In Britain, for example, the modern Green Party, originally known as the PEOPLE Party, was founded by a right-wing councilor, Tony Whittaker, and his wife Lesley after they read an interview in Playboy with Paul Ehrlich, author of The Population Bomb. Ehrlich’s book sounded the alarm about the growing population of the Global South and presented population control as the most important component of climate action.
Ehrlich recounted his experience of “emotionally” understanding the concept of overpopulation while looking out across a Delhi slum through the window of a taxi, and seeing “people, people, people, people” who were “begging” and “defecating” at every turn.
The European climate movement has always had a problem with racism. In the 1970s, Herbert Gruhl was a key early player in the German Greens, the most successful ecological party in Europe. Gruhl had previously been involved in far-right groups and called for “an end to immigration for ecological reasons.” He eventually left the party, claiming that the Greens had given up their “concern for ecology in favour of a leftist ideology of emancipation,” and went to establish a right-wing party instead, but his views remained influential in the European climate movement.
The dissident East German Marxist Rudolf Bahro expressed similar concerns. In his 1987 book The Logic of Salvation, he wrote: “The ecology and peace movement is the first popular German movement since the Nazi movement. It must co-redeem Hitler.” The opportunity, according to Bahro, was that today, “there is a call in the depths of the Volk for a Green Adolf.”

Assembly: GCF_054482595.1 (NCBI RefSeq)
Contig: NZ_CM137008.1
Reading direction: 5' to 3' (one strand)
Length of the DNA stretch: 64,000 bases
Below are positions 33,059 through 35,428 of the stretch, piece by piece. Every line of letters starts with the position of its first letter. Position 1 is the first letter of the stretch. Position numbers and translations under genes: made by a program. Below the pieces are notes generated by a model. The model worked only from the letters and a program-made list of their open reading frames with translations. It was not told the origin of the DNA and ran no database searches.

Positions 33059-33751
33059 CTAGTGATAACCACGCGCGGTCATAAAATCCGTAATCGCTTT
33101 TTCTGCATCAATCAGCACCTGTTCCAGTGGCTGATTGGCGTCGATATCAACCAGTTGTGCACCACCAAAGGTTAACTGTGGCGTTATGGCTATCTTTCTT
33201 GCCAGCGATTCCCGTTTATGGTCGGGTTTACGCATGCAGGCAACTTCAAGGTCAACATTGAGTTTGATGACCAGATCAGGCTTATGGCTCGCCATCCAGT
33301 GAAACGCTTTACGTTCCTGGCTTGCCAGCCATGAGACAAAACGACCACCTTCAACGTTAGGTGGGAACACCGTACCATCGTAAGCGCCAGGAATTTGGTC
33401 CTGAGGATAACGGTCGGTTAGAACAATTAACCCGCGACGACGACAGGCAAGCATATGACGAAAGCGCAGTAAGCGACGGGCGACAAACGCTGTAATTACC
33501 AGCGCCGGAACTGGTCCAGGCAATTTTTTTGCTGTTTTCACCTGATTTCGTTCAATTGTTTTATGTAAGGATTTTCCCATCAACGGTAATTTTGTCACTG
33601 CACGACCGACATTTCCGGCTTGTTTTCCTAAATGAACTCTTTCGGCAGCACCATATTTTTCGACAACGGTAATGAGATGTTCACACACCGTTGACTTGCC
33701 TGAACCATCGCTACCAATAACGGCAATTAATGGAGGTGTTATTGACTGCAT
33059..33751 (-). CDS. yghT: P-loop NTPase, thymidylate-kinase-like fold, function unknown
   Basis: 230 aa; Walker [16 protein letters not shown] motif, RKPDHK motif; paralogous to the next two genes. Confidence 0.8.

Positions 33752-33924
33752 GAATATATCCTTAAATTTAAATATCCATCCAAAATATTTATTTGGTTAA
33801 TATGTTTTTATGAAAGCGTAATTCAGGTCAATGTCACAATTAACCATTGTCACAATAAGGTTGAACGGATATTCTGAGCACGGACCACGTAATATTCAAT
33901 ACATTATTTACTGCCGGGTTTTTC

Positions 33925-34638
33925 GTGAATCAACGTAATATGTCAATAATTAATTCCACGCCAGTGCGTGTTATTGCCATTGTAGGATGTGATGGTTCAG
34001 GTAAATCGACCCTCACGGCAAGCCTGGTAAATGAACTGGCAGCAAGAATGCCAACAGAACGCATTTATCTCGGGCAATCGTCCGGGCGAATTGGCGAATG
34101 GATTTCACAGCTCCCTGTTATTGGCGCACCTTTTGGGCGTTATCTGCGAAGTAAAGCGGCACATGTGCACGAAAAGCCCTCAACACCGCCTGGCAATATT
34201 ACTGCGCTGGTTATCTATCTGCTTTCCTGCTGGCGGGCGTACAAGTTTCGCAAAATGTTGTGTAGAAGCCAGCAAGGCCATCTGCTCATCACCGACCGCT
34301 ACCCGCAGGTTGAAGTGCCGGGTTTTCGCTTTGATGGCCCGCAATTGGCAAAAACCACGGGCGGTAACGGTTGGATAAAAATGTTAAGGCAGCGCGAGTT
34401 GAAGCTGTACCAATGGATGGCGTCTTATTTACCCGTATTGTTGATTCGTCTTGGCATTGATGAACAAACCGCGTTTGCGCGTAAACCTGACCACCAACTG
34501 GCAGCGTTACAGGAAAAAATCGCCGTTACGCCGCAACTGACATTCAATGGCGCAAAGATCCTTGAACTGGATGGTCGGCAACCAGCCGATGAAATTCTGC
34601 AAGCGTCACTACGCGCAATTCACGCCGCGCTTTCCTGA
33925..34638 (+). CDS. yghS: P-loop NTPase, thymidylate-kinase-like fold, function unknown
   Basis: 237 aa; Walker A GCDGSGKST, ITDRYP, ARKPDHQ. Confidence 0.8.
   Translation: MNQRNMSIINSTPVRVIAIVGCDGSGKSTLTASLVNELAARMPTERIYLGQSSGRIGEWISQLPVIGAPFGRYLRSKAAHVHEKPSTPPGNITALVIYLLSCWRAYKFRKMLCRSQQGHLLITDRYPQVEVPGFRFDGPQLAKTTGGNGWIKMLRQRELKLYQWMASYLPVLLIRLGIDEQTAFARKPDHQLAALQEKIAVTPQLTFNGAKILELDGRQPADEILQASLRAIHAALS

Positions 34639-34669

There is something about the enormity of climate change that can change people. Just ten years earlier, Bahro had identified himself as an eco-socialist, saying “red and green, green and red, go well together.” In Socialism and Survival, a book written nearly forty years ago with a very contemporary feel, Bahro put forward a persuasive argument on the need to combine socialism and environmentalism.
Murray Bookchin publicly debated Bahro and Dave Foreman, reproaching both men for their authoritarian approach to climate change. Bookchin argued that environmentalism without socialism was sure to end in disaster. When Bahro accused him of ignoring the “dark side” of humanity, Bookchin replied that the “dark side” of human nature emerges from a social foundation that we choose to indulge. A would-be ecological dictatorship, Bookchin told Bahro, “would not be ecological — it would finally finish off the planet altogether.”
Today, there are still some environmentalists who turn toward authoritarianism as a solution to ecological breakdown. James Lovelock, the scientist who developed the Gaia theory, has argued that democracy must be suspended to deal with climate change:
Even the best democracies agree that when a major war approaches, democracy must be put on hold for the time being. I have a feeling that climate change may be an issue as severe as a war.
Another scientist, Mayer Hillman agrees: